Potpourri for December
December 1, 2019 | View PDF
Jingle bells are ringing, mistletoe is hanging, and Christmas time is in the air. In fact, I even wondered what happened to Thanksgiving? It is amazing to me how quickly 2019 has whizzed by, is this a time warp? The River Region area has a lot going on to make the holidays bright including the Shakespeare Theatre, the Zoo, and soon, the Christmas Tree lighting at the Capitol. I call it a magical time of the year with Nutcrackers, Santa Claus, gifts for young and old, manger scenes, and best of all the celebration of the Christ child's birthday.
Some of the gifts I will be sharing with family and friends were ingredients that were growing in my garden. Canning with the vegetables, herbs and fruit that I have grown last year has the finality of morphing into the ultimate and personal present. My tomatoes and bell peppers became tomato relish : the pears from the orchard became pear chutney, the gala apples were canned for future pies, the blueberries and figs became preserves, mint was used for mint jelly, Some ideas for other thoughtful gifts include gathering and drying bay leaves for small wreaths or cutting rosemary stems and tying red ribbons around them to add to the top of a jar of canned items, or gift sacks.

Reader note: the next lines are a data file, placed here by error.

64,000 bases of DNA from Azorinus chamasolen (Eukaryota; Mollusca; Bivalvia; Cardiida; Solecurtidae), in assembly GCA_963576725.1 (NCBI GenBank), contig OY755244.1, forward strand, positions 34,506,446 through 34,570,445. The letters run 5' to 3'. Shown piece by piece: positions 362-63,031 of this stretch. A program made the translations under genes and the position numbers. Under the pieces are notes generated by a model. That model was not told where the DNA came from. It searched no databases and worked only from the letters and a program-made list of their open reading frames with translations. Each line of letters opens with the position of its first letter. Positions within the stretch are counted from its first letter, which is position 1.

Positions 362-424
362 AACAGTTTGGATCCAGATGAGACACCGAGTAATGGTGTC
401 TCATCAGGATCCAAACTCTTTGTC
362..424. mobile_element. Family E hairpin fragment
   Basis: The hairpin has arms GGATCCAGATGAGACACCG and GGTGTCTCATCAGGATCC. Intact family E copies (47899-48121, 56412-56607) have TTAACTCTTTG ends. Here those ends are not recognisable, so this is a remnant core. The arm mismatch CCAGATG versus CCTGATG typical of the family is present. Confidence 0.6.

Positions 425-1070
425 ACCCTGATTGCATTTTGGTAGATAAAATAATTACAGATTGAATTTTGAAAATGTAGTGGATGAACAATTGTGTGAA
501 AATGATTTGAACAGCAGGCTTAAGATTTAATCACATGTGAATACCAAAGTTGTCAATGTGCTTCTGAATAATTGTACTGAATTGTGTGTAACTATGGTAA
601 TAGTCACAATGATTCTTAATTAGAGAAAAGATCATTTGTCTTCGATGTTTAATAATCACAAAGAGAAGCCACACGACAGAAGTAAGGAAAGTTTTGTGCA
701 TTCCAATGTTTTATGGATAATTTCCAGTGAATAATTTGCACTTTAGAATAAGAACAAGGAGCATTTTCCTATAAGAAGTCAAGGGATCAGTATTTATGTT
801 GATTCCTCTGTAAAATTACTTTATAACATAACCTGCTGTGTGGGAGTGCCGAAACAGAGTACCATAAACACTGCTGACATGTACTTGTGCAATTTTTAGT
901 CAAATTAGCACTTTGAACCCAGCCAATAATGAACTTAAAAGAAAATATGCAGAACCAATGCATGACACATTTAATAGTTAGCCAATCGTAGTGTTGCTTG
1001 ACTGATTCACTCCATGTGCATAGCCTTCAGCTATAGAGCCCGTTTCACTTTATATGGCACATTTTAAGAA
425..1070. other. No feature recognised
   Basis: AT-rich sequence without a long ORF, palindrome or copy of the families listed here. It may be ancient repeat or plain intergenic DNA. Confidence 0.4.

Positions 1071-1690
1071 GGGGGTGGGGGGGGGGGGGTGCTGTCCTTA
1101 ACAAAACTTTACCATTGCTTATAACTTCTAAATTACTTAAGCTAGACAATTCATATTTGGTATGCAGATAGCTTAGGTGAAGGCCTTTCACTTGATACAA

PLANT OF THE MONTH--CHRISTMAS CACTUS
I am intrigued by the beauty of the Christmas Cactus as it is such an unusual plant. Actually it is from a small genus of cacti which originated from the coastal mountains of southern Brazil. There plants grow on trees or rocks in areas with high humidity. They also like the shade unlike their desert cousins. Scientifically named Schlumbergera Christmas Cactus make great holiday potted plants for the home. They are easy to propagate, have a long bloom time, plus extremely easy to care for. Other common names are Thanksgiving cactus, Easter cactus, and Holiday cactus. To propagate, break off a segment at the joint and place a quarter of the segment in slightly moist sandy soil. This segment has to be second from the tip. Place the cutting in a well-lit area, but staying away from direct sunlight. You will enhance blooming of the plant if exposed to more light, except direct sunlight which will burn the leaves. Temperatures should be 60 to 70 degrees, and to help with the humidity, place the pot in a tray filled with pebbles. After blooming force dormancy by cutting back on watering, placing it in a darkened area for 12 hours per day, and keeping the plant away from drafts. And this is all you need to know to get started.
MERRY CHRISTMAS, HAPPY HOLIDAYS AND GOOD GARDENING.
Selecting a Fresh Cut Christmas Tree
Choosing and cutting your own Christmas tree is a wonderful outing to begin your Christmas season. Bring your family and friends to experience the fun and excitement of a working farm where you can find your perfect tree, and enjoy hay rides, wreaths, gift shops, farm animals, school tours, fresh air, and many other offerings.
The Southern Christmas Tree Association provides a list of choose-and-cut Christmas tree farms in Alabama at
Each farm offers a unique experience. Please follow the website links on the list to find an Alabama choose-and-cut Christmas tree farm near you. Don’t forget to check social media for any of these farms.